This ties into another of Gillam’s favorite conversational topics: The legacy that each of us leaves around our own attitudes toward aging. “If you spend your life grumbling about how everything’s changed, if you spend your time talking about how much everything hurts, or what you can’t do, you’re teaching people that this is what aging looks like.” On the other hand, “are you saying, ‘Hey, there’s always something more fun or interesting to learn, there’s always something out there you can grab hold of.’ And that’s part of resilience, too, which of course I’ve learned from my parents.”

For Gillam, her own attitude adjustment habits include an hour of comedy per day—30 minutes in the morning and 30 minutes in the evening. Anything goes, from YouTube videos of the Marx Brothers, Carol Burnett, and Trevor Noah to funny pet photos on Instagram.

Pre-pandemic, she was a frequent volunteer for Habitat for Humanity, building homes in Zambia, India, China, and Central America. And she looks forward to more Habitat builds because, as she wrote in a 2017 3rd Act article about volunteer vacations, “volunteering to help someone—or further a cause—while traveling is a refreshingly addictive combination. When you help someone while learning something new, you are energized.”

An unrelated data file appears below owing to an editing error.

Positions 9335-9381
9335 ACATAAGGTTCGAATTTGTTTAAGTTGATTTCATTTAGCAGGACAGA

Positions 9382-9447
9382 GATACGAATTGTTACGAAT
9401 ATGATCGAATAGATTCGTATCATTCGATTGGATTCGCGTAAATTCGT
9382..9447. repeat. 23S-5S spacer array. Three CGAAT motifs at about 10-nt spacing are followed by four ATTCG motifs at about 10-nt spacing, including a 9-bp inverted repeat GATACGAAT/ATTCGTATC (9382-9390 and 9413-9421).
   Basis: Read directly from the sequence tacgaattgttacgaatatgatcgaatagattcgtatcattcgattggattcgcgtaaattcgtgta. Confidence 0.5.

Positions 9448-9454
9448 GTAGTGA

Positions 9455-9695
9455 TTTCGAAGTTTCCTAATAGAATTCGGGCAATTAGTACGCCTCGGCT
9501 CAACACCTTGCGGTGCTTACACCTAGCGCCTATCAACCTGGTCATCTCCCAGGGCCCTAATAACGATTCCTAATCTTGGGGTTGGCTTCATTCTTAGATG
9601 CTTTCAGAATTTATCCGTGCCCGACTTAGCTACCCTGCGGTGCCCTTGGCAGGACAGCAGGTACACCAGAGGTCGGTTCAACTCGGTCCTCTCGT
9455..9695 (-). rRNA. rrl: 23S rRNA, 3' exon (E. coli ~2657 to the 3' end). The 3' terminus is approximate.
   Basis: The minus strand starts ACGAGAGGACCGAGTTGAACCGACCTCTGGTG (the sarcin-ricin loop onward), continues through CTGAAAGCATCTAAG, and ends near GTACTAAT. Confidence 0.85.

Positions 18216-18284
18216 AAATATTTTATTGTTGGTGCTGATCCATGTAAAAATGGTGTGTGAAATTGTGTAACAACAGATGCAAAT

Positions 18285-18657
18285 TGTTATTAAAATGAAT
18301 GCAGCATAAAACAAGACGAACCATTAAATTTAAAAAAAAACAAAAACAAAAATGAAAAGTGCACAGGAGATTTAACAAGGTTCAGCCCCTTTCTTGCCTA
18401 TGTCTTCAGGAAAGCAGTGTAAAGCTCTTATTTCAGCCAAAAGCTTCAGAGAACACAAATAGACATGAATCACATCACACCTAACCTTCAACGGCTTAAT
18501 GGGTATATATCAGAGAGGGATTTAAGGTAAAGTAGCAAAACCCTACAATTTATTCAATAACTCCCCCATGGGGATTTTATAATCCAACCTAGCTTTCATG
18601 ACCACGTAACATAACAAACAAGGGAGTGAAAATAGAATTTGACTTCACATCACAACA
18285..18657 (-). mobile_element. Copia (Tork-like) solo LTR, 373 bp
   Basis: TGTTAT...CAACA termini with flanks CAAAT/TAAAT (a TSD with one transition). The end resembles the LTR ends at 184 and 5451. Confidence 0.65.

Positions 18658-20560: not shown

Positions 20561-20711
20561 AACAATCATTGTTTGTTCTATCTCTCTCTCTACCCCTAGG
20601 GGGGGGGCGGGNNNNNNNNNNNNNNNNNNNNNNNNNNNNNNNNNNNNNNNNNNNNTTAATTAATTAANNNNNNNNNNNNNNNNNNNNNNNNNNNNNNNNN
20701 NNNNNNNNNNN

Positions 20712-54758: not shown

Which takes us back to the importance of play, because some people might not think breaking bricks or bending rebar is what you’d call “play.”

“I love it when people find their third acts, or fourth acts, or fifth acts, because that’s part of what keeps us having fun—and I won’t say keeps us young, because we’re all still aging—but it keeps us vital and interested.”

As she explains, it’s not so much about play versus work, or retirement versus “re-wirement”—it’s about having “something to look forward to, something to do, something to believe in, something to love, and something to laugh about.” The people who “have those things in their lives, those are the people who are the most fun to be with.”

Like Dori Gillam. Who, by the way, was the winner of Sound Generations’ 2020 Lifelong Learning Award. Congratulations, Dori. Keep on learning, because we’re learning from you.

Ann Hedreen is an author (Her Beautiful Brain), teacher of memoir writing, and filmmaker. Ann and her husband, Rustin Thompson, own White Noise Productions and have made more than 150 short films and several feature documentaries together, including Quick Brown Fox: An Alzheimer’s Story. Ann recently completed a second memoirAfter Ecstasy: Memoir of an Observant Doubter.